T'dad attorney at GBA conference:
Rule of law essential for socioeconomic growth
By Dominic Evans
Guyana Chronicle
May 13, 2003

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A TWO-DAY law conference organized by the Guyana Bar Association (GBA) concluded Sunday with Trinidadian Attorney-at-Law, Ms. Allison Demas, urging adherence to the rule of law as a prerequisite to Guyana and the Caribbean moving forward at a more rapid pace.

Ms. Demas said that as in everything else, the rule of law is "absolutely essential" in the conduct of e-commerce, which is based on two main pillars - property and contracts.

Speaking on the challenges posed by the introduction of e-commerce, at the Law Conference of the Guyana Bar Association (GBA) at Hotel Tower, Georgetown, the Trinidad attorney called for uniformity and harmonization of the laws and regulations that govern e-commerce. If that didn't happen, she said, "we would be caught on the wrong side of the digital divide."

The two-day conference attracted a large audience of prominent attorneys, including senior members of the Guyanese and Trinidad judiciaries.

Chancellor of the Judiciary, Ms. Desiree Bernard, gave the keynote address at Saturday's opening session, urging the institution of a code of conduct for lawyers and calling on judges and magistrates to assert their authority in addressing dealing with professional conduct and contempt of court. Participants over the two days addressed the independence of the Director of Public Prosecutions, progress of Constitutional Law, Parliament - a democracy or mockery, the Caribbean Court of Justice, Women and Governance, and other topics.

Demas pointed out in her presentation that the transformation of a commercial system that is based on principles established two centuries ago into one that will be conducted on the principles of the Information Age is a formidable challenge that has to be overcome.

She observed that the Caribbean has been consumers of new information technologies instead of being creators.

In this regard, she urged that creativity should be harnessed so that people in the Caribbean can become owners of Intellectual Property Rights, noting that knowledge and information are economic assets that can be used for advancing development.

Demas said paperwork in the traditional system of transacting commerce sends up the final cost of a product by as much as 10% which is much too high. E-commerce aims at removing that additional cost through the implementation of the Electronic Data Interchange (EDI) system, she said.

In this regard, the United Nations Commission on International Trade Law (UNITRAL) has sought to facilitate this system through standardization by the establishment of EDIFACT, in which the legal requirements and mechanics of e-commerce are contained.

Coordinator of the Sustainable Development Networking Programme (SDNP), Mr. Vidyaratha Kissoon, urged a holistic and multi-dimensional approach which seeks to establish global, regional and local linkages in order to fruitfully benefit from the developments of Information Communication Technology (ICT).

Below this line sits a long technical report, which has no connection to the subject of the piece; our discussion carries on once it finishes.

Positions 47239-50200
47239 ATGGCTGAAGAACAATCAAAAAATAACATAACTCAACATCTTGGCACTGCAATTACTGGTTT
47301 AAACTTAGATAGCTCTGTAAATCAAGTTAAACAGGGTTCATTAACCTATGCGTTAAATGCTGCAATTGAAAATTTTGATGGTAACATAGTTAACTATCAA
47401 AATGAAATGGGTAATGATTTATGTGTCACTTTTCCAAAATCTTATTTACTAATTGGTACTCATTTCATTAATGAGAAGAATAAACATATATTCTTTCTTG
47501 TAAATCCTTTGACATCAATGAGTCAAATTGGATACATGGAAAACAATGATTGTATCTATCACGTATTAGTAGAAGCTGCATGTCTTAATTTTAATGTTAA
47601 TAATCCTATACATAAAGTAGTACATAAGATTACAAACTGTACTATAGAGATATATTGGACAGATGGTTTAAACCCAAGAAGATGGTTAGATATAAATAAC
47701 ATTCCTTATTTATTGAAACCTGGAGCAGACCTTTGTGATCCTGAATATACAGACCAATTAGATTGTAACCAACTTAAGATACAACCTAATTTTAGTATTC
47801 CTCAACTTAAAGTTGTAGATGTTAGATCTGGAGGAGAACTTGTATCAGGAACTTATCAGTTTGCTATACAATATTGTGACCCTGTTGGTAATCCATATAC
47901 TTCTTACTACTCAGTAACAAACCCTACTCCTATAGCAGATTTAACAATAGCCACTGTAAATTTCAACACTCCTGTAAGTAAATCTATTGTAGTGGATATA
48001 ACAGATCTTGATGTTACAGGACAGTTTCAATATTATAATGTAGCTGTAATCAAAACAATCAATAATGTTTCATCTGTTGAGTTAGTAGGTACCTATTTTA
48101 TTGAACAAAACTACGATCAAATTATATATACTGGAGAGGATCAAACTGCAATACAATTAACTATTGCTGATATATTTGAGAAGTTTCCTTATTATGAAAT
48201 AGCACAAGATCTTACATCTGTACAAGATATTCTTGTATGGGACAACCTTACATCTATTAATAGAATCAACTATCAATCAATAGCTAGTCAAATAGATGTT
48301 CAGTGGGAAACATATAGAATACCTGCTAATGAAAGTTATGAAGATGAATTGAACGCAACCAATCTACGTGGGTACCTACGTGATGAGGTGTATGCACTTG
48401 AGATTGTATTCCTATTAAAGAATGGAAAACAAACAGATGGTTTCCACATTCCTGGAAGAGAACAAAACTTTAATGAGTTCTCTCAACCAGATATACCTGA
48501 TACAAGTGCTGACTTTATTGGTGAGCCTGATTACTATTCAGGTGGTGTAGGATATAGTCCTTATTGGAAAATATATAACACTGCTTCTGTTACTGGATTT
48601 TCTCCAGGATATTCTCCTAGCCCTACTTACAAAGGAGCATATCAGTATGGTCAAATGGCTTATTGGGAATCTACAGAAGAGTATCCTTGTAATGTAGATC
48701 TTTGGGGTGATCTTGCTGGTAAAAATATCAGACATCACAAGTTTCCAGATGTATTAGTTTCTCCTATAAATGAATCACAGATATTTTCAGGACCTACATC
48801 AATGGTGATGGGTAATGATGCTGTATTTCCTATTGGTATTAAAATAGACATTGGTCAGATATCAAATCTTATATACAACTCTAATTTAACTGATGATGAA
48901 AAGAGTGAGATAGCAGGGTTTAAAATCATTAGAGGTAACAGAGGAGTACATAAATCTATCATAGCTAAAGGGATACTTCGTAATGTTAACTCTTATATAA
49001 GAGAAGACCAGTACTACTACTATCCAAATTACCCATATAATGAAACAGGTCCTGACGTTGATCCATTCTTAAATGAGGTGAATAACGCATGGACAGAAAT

To achieve this vision, leadership, strategic alignment with other countries and political will at all levels are required, as well as a coordinated approach in the procurement of electronic communication equipment that must be relevant to national developmental needs.

One of the restrictive factors in the implementation of ICT in Guyana is the high cost of energy which amounts to as much as 75% of costs, Kissoon noted.

Consultant to the Ministry of Tourism, Industry and Commerce, Mr. Tim Greene, said a draft Bill on the use of e-commerce has been prepared and the widest consultations will be sought to bring it in line with national aspirations and objectives.

The Bill seeks to establish and clarify the legal basis for the implementation of e-commerce, he explained, adding that it is based on similar legislation that has been developed in The Bahamas, Barbados, Bermuda and the Cayman Islands.

The legislation is essential to ensure that Guyana becomes part of the world economy and existing business models which are being increasingly propelled by e-commerce.

However, he opined that the private sector should take the lead in the development of e-commerce with the government being a facilitator, providing a conducive environment and appropriate infrastructure through the establishment of pilot schemes.

Greene noted the uniqueness of Guyana in that it is English-speaking and is in the same time zone as the U.S. east coast.

The introduction of e-commerce would be of special benefit to the tourism sector providing a good opportunity for the advertising and promotion of Guyana's tourism products, he said.

Attorney-at-Law Mr. Teni Housty said that having a Domain Name and harnessing new Information Technology would help Guyana towards establishing a global presence and move into the direction of the information "super highway."

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